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Let $a_n = \left[\sqrt{(n+1)^2+n^2}\right], n = 1,2,\ldots,$ where $[x]$ denotes the integer part of $x$. Prove that

$\quad$ (a) there are infinitely many positive integers $m$ such that $a_{m+1}-a_{m} > 1$;

$\quad$ (b) there are infinitely many positive integers $m$ such that $a_{m+1}-a_m = 1$.

If $a_{m+1} \geq a_m+1$, then if $k^2 \leq 2m^2+2m+1 < (k+1)^2 \implies k < 2m$, then $$(k+1)^2 \leq 4m^2.$$

How can we continue this approach or is there another way (I saw another way using Pell equations)?

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A famous fact about binomial coefficients is: $$\binom{n}{2}\text{ is a perfect square for infinitely many } n.$$ This statement can be proved without Pell's equation, in the following way: $$\binom{(2n-1)^2}{2}=(2n-1)^2\cdot2n(n-1)$$ and if $\binom{n}{2}$ is a perfect square, the above expression is another perfect square. Now note that $\binom{9}{2}=6^2$.

Thus we may take $m=n-2$ where $\binom{n}{2}$ is a perfect square and finish the proof of (a).
(b) is trivial.

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  • $\begingroup$ How does this prove part (a)? $\endgroup$ – user19405892 Jul 29 '16 at 2:11
  • $\begingroup$ @user19405892 Suppose $n(n-1)=2k^2$. One may immediately check that $a_{n-1}=2k$ and $a_{n-2}\leq 2k-2$(This inequality is done by a plain estimation $n>k+1$). $\endgroup$ – Cave Johnson Jul 29 '16 at 2:16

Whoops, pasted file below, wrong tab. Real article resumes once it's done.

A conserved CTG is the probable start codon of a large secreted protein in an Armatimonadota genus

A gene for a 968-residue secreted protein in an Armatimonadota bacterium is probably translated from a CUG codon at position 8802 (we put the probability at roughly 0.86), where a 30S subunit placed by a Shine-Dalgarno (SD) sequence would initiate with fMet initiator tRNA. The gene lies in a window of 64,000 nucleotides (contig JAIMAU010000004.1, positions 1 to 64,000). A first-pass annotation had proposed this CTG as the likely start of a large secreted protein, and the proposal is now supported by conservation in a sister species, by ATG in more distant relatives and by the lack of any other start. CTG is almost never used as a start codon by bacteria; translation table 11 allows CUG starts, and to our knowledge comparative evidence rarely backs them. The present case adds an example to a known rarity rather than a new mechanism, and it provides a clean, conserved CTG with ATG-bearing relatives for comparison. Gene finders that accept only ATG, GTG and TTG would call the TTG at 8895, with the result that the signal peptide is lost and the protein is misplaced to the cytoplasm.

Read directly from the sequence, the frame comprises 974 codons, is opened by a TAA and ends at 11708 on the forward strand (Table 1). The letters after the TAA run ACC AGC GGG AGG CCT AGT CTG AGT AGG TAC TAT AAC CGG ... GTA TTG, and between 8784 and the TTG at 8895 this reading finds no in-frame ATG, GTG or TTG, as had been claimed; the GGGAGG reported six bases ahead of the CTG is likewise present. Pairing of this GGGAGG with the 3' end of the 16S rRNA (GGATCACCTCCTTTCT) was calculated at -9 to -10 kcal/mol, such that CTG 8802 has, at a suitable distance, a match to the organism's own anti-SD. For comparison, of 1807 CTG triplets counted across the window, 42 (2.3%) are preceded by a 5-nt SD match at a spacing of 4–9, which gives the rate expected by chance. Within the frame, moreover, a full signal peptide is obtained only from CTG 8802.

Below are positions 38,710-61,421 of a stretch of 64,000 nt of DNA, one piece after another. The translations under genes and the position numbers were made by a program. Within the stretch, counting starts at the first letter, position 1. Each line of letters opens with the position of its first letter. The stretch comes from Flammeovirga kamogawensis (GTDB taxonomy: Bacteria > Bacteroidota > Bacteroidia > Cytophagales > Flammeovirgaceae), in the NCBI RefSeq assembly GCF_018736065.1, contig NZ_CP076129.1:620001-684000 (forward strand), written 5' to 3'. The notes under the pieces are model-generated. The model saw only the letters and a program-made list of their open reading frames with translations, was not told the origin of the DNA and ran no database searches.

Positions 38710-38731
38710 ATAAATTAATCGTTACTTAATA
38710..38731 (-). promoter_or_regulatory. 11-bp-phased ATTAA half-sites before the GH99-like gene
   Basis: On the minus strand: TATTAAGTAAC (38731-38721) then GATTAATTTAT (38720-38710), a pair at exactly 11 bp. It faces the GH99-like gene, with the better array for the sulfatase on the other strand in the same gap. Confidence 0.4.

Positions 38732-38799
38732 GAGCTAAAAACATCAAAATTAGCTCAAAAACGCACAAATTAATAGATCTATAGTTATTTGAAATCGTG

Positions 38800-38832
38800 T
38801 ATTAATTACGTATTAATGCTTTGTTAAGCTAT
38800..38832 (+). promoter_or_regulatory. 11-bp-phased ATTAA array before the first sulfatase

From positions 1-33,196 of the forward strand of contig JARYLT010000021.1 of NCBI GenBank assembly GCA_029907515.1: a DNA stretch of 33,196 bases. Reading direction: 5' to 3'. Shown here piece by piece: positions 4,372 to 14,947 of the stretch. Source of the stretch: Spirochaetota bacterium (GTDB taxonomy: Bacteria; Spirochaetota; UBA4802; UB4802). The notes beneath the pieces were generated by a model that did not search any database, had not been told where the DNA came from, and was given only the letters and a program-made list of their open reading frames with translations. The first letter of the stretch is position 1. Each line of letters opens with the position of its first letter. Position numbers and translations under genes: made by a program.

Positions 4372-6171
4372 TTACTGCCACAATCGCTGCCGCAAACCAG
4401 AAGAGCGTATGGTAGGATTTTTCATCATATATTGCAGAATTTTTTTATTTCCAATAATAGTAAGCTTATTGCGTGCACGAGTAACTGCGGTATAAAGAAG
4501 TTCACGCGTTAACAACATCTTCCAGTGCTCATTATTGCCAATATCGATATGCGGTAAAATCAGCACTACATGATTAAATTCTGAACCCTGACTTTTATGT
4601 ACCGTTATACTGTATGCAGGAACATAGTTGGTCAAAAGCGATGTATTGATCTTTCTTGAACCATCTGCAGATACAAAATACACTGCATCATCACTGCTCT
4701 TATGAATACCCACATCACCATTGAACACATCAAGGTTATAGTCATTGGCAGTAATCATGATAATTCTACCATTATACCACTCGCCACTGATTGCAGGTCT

• $\begingroup$ Can you explain how to get $a_{n-2} \leq 2k-2$? How do you know $n > k+1$? $\endgroup$ – user19405892 Jul 29 '16 at 2:23
  • $\begingroup$ If $n\leq k+1$ then $n(n-1)\leq k(k+1)<2k^2$, a contrdiction. So $\sqrt{(n-1)^2+(n-2)^2}=\sqrt{2n(n-1)-4n+5}<\sqrt{4k^2-4(k+1)+5}=2k-1$. $\endgroup$ – Cave Johnson Jul 29 '16 at 2:31
  • $\begingroup$ How do we prove (b)? $\endgroup$ – user19405892 Jul 29 '16 at 2:35
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Here is a proof sketch. First we show that $a_{m+1} - a_m$ can never be zero. This is because $(n+1)^2 + n^2$ increases by $4n + 4$ when $n$ increases by $1$. But, consecutive squares near $(n+1)^2 + n^2$ are closer together than this. (They are roughly $2 \sqrt{2} n$ apart). So $\sqrt{(n+2)^2 + (n+1)^2}$ and $\sqrt{(n+1)^2 + n^2}$ differ by more than one, and their floors cannot be the same.

Next, assume (a) is false. There are only finitely many $m$ such that $a_{m+1} - a_m > 1$, so let $n$ be the largest one. For any $m > n$, $a_{m+1} = a_m + 1$. This means, for instance, $a_{2n} - a_n = n$. But the difference between $\sqrt{(n+1)^2 + n^2}$ and $\sqrt{(2n + 1)^2 + (2n)^2}$ is roughly $n\sqrt{2}$; it is too big for the difference of the floors to be $n$.

Similarly, assume (b) is false. Now we can say for any $m > n$, $a_{m+1} \ge a_m + 2$. So $a_{2n} - a_n \ge 2n$. The difference of floors of square roots cannot be this large when the difference of square roots directly is, as above, roughly $n\sqrt{2}$.

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